Owner Ron Langeveld tells me: “We’ve been working only with PIWIs from the start. I see no point in starting a vineyard in a country with a more difficult climate for grapes and doing it in the same way as they do in France or Germany with a lot of spraying with chemicals. So, the starting point was no spraying – and no sulphur, no copper.
“PIWIs made it possible for me to start a vineyard in the Netherlands. But it was quite a search for the best ones. We tried over 25 and still have about 14 varieties.”
The successes include the white varieties Solaris, Souvignier Gris, Muscaris and Johanniter and the reds Rondo, Cabernet Cortis, Cabernet Cantor, Cabernet Jura, Baron and Monarch.
The varieties he dug up include Regent, Cabertin, Pinotin and Cabernet Blanc. “We replaced them when it turned out that they were not resistant enough to grow without spraying,” he says.
As well as being disease-resistant and suitable for the Netherlands’ humid climate, the new varieties ripen a few weeks earlier than classic wine grapes. “By keeping the yield relatively low and the canopy large, we can harvest ripe grapes in the Netherlands,” he declares proudly.
‘The fermentations start almost immediately’
Ron, who runs the estate with wife Monique, reflects: “New varieties are being developed and each generation is better than the one before. They are all easy to work with in the cellar, especially making natural wine. We didn't spray fungicides that would normally also kill the natural yeasts, so they are plentiful and the fermentations start almost immediately. The fruit is usually in very good condition, most varieties are developed also with a good botrytis resistance and loose bunches.”
Certified organic (Skal) and biodynamic (Demeter, since August 2021), the vineyard in the hamlet of Dassemus, near the village of Chaam, is surrounded by a nature reserve.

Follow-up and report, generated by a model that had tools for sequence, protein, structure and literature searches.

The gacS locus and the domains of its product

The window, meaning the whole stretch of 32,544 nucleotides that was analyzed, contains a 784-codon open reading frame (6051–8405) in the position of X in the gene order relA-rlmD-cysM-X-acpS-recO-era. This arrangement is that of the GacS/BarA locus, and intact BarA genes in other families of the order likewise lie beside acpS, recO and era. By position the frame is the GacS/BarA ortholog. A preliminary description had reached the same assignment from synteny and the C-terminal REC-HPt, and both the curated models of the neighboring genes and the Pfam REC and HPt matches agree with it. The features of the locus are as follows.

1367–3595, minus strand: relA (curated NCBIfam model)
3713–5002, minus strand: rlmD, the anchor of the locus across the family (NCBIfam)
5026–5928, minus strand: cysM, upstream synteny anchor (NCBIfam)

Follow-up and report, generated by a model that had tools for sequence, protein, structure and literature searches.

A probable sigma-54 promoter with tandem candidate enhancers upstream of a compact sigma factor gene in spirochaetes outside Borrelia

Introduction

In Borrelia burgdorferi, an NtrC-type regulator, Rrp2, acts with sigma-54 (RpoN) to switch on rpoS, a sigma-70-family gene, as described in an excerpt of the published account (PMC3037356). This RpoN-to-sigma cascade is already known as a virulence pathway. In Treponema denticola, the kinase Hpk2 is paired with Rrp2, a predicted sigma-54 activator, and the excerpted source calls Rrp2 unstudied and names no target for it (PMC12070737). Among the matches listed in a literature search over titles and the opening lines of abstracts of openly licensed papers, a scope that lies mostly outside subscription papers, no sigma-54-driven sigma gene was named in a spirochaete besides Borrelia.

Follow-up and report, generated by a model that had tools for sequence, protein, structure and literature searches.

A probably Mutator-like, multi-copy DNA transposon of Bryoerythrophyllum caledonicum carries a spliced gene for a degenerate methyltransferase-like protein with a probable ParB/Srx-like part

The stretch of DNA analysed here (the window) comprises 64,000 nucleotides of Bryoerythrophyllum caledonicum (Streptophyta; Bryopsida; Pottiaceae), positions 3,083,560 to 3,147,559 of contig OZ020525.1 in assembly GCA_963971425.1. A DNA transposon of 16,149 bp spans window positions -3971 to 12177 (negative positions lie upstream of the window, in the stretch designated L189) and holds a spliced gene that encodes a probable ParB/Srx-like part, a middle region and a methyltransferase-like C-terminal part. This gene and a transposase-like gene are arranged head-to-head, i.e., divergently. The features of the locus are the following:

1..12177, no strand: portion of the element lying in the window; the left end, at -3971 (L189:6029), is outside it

To enrich the soil and add to the biodiversity, various herbs (including clover) are grown in alternate rows. The other rows – grass – are mown alternately “so that enough useful insects can survive” while still allowing a route for walking tours and vehicles.
Goats and chickens are used to fertilise the soil.
Around the vineyard, trees have been planted to block the wind and increase the temperature in the vineyard. A variety of animals now shelter in these hedgerows.
The most suitable PIWIsRon, whose background includes theoretical mathematics, telecoms and international canoeing contests, says his favourite white grapes are:
- Souvignier Gris – “definitely the most promising for high-quality wines”, this pink-skinned variety has good acidity and is late ripening;
- Sauvignac – makes “like a Sauvignon Blanc type wine”;
- Solaris – “picked at the right maturity, it’s very good, best for very northern climates”;
- Muscaris – “very aromatic”;
- Johanniter – “the weakest in terms of resistance but very nice, almost Riesling-like”.
Since 2020, all the wines at Wijngaard Dassemus are made with native yeasts and extended skin contact and the range has been condensed to four wines:
- Wilde Witte – a blend of Solaris, Sauvignac and Souvignier Gris. Handpicked, one night’s skin contact;
- Wilde Rosé – a blend of Cabernet Jura and Cabernet Cantor. Handpicked, no skin contact;
- Orange – a blend of 80% Souvignier Gris and 20% Muscaris. Handpicked, destemmed, 25 days’ skin contact, fermentation in stainless steel, ageing in a mix of French oak barrique, Clayver ceramic balls, and stainless-steel tank;
- Wilde Rode – a Rondo varietal. Handpicked, 21 days’ skin contact, fermentation in stainless steel, ageing in refurbished French oak barrique.
From the grape skins, Ron makes an eau de vie, The Spirit of Dassemus, a portion of which is matured in barrique. Other fruits, such as apples, raspberries and cherries are also distilled. Some of the apples from the farm are also turned into cider.
The main problem in the vineyard is the threat of late frosts. Sprinklers that come on when the temperature dips below zero are the chosen solution, with the water coming from a couple of ponds dug at the site.
The ponds have a steep bank where swallows and kingfishers nest. The ponds are also popular with amphibians and frogs. It’s a pretty site with pretty unusual wines.